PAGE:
The proselytisation of postmodernist theory, according to Jordan Peterson, is less an emancipatory project than intellectual charlatanry and the relinquishment of individual responsibility. If a truth is validated by its teller’s enemies, the Canadian academic is right on the money
Jordan B. Peterson’s 12 Rules for Life: An Antidote to Chaos contains the kind of advice the parents and teachers of Baby Boomers were keen to impart to us all those years ago, advice that we weren’t so keen to hear: “Stand up straight with your shoulders back” (Rule 1), “Make friends with people who want the best for you” (Rule 3), “Set your house in perfect order before you criticise the world” (Rule 6), “Tell the truth—or, at least, don’t lie” (Rule 8), “Be precise in your speech” (Rule 10), and so on. They all sound like the message of some black-and-white television comedy from the 1950s. 12 Rules for Life, by my reckoning, is about seventy years too late.
It was one-time Quadrant editor Roger Sandall who, in The Culture Cult (2000), characterised the modern-day Left as less Marxian than bohemian. The 1960s social revolution was not so much against the bourgeoisie who owned and controlled the means of production as against bourgeois or Christian mores, which we might define as anything from traditional morality and workaday sobriety to enlightened patriotism. Everything, in other words, the Beatles and their acolytes circa 1963–69 wanted to discard. Sandall put it this way:
… it is certainly true that bohemianism is more deeply hostile to the values of the bourgeoisie than Marxism ever was. To understand why this is so, remember Ben Franklin’s useful virtues—temperance, silence, order, resolution, frugality, industry, sincerity, justice, moderation, cleanliness, chastity and humility. Some of these values are compatible with social democracy. One or two of them found a place in the Communist world. But none are compatible with bohemia.
Peterson self-identifies as a British-style classical liberal, and yet so much of what he writes and says are the contemplations of an anti-bohemian conservative:
Because children, like other human beings, are not only good, they cannot simply be left to their own devices, untouched by society and bloom into perfection … This means they are much more likely to go complexly astray if they are not trained, disciplined and properly encouraged. This means that it is not just wrong to attribute all the violent tendencies of human beings to the pathologies of social structure. It’s wrong enough to be entirely backward.
The reader encounters an entreaty on Franklin’s useful virtues—“Anxiety and depression cannot be treated if the sufferer has unpredictable daily routines”—at the turn of every page. Lenient or indulgent child-rearing techniques, the consequence of paying heed to the noble-savage fantasy, are eviscerated by Peterson. Ill-disciplined and poorly socialised children “have terrible lives”, period. Rule 5—“Do not let your children do anything that makes you dislike them”—encapsulates the matter perfectly. In the end, 12 Rules for Life is as scornful of Jean-Jacques Rousseau and the insistence “that nothing was more wonderful than man in his pre-civilised state” as was Sandall’s The Culture Cult. The subtitle of Peterson’s book could just as easily be An Anti-Bohemian Treatise.
This essay appears in the June edition of Quadrant.
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Peterson would argue that the advent of “postmodern neo-Marxism” rather than latter-day bohemianism explains the provenance of left-wing identity politics. Postmodern neo-Marxist theory, as Peterson tells it, arrived in North American academies over fifty years ago, starting with the English Department at Yale University. Ira Wells, a colleague of Jordan Peterson’s at the University of Toronto, teaching “literature and culture criticism” in the Department of English, attacked Peterson, in an article titled “The Professor of Piffle”, for disparaging the French philosophers Jacques Derrida and Michel Foucault. If you were to make “one sweeping claim” about Derrida’s and Foucault’s writings, asserted Dr Wells, it would not be that “interpretation is potentially infinite and therefore meaningless”—as Peterson claims—but that “interpretation must be socially and historically contextualised in order to become meaningful.”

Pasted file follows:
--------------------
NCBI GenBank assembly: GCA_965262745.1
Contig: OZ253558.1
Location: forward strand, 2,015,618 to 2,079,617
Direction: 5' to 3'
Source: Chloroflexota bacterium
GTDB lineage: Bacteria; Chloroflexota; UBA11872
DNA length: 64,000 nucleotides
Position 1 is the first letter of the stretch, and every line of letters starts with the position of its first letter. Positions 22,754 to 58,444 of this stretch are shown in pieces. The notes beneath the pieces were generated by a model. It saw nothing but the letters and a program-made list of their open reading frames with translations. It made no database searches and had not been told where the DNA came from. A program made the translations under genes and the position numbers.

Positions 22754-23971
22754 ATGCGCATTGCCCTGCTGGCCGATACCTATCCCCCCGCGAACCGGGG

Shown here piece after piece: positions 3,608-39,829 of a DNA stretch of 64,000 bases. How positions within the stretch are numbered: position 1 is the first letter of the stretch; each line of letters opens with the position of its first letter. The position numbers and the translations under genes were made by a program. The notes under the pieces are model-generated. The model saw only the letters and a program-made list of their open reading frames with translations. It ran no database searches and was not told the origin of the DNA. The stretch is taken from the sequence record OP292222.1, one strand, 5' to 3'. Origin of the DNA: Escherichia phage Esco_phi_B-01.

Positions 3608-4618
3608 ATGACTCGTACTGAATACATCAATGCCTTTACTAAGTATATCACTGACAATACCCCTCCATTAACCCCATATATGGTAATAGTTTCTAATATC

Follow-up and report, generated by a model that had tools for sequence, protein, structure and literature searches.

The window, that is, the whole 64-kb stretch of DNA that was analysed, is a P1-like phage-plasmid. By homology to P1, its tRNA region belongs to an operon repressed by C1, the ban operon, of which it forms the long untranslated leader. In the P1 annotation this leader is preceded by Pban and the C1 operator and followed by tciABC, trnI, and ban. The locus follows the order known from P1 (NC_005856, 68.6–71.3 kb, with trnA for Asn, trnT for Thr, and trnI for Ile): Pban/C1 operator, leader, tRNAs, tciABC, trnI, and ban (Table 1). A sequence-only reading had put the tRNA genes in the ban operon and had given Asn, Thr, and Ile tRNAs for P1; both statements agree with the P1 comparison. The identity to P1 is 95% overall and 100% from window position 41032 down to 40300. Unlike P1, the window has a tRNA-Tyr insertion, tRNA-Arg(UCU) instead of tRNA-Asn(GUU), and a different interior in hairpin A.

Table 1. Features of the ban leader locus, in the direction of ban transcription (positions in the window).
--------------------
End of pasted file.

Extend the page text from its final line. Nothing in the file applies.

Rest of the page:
Were Wells not lost in the rabbit-hole of postmodernist theory, he might agree that these are two different locations on the same anti-civilisational spectrum; the first we might call moral nihilism, and the other, well, moral nihilism will do for that as well. The upshot is—apologies to Jean Baudrillard—radicalised millennials who consider themselves inhabitants of a world akin to the Wachowskis’ The Matrix rather than the proud inheritors of Western civilisation. In other words, Social Justice Warriors—young adults with “critical-thinking abilities”, as Dr Wells would have it—banging on about “the white heteronormative conspiracy” and suchlike. At least Wells practises what he teaches, as he shows with this comment about Peterson’s non-compliance with Canada’s Bill C-16, a law which compels the population to use gender-neutral pronouns, such as ze and zer, when addressing transgender people:
We have an intellectual obligation to meet this threat directly and expose him for what he is: a YouTube star who offers a wafer-thin intellectual validation for the political retrenchment [sic] of traditional hierarchies. Peterson is calling for war within the humanities. We should happily oblige.
Clearly Dr Wells himself has all the “critical-thinking abilities” of a Social Justice Warrior.
The proselytisation of postmodernist theory, according to Peterson, is less an emancipatory project than intellectual charlatanry and the relinquishment of individual responsibility. Wells’s riposte is that at the heart of Peterson’s critique of the modern academy dwells a “downright paranoid worldview that appears designed to curry favour with the alt-right”. However, exchange alt-right for alt-left and you have a reasonable description of Dr Wells’s own worldview. Peterson, who acknowledges his debt to the Canadian philosopher Stephen Hicks’s 2004 book Explaining Postmodernism: Skepticism and Socialism from Rousseau to Foucault on the subject of “postmodern neo-Marxism”, might be right to describe postmodernist theory as “the new skin that the old Marxism inhabits” and yet it is, I think, a mistake to equate (in its entirety) progressive or leftist identity politics with “postmodern neo-Marxism”.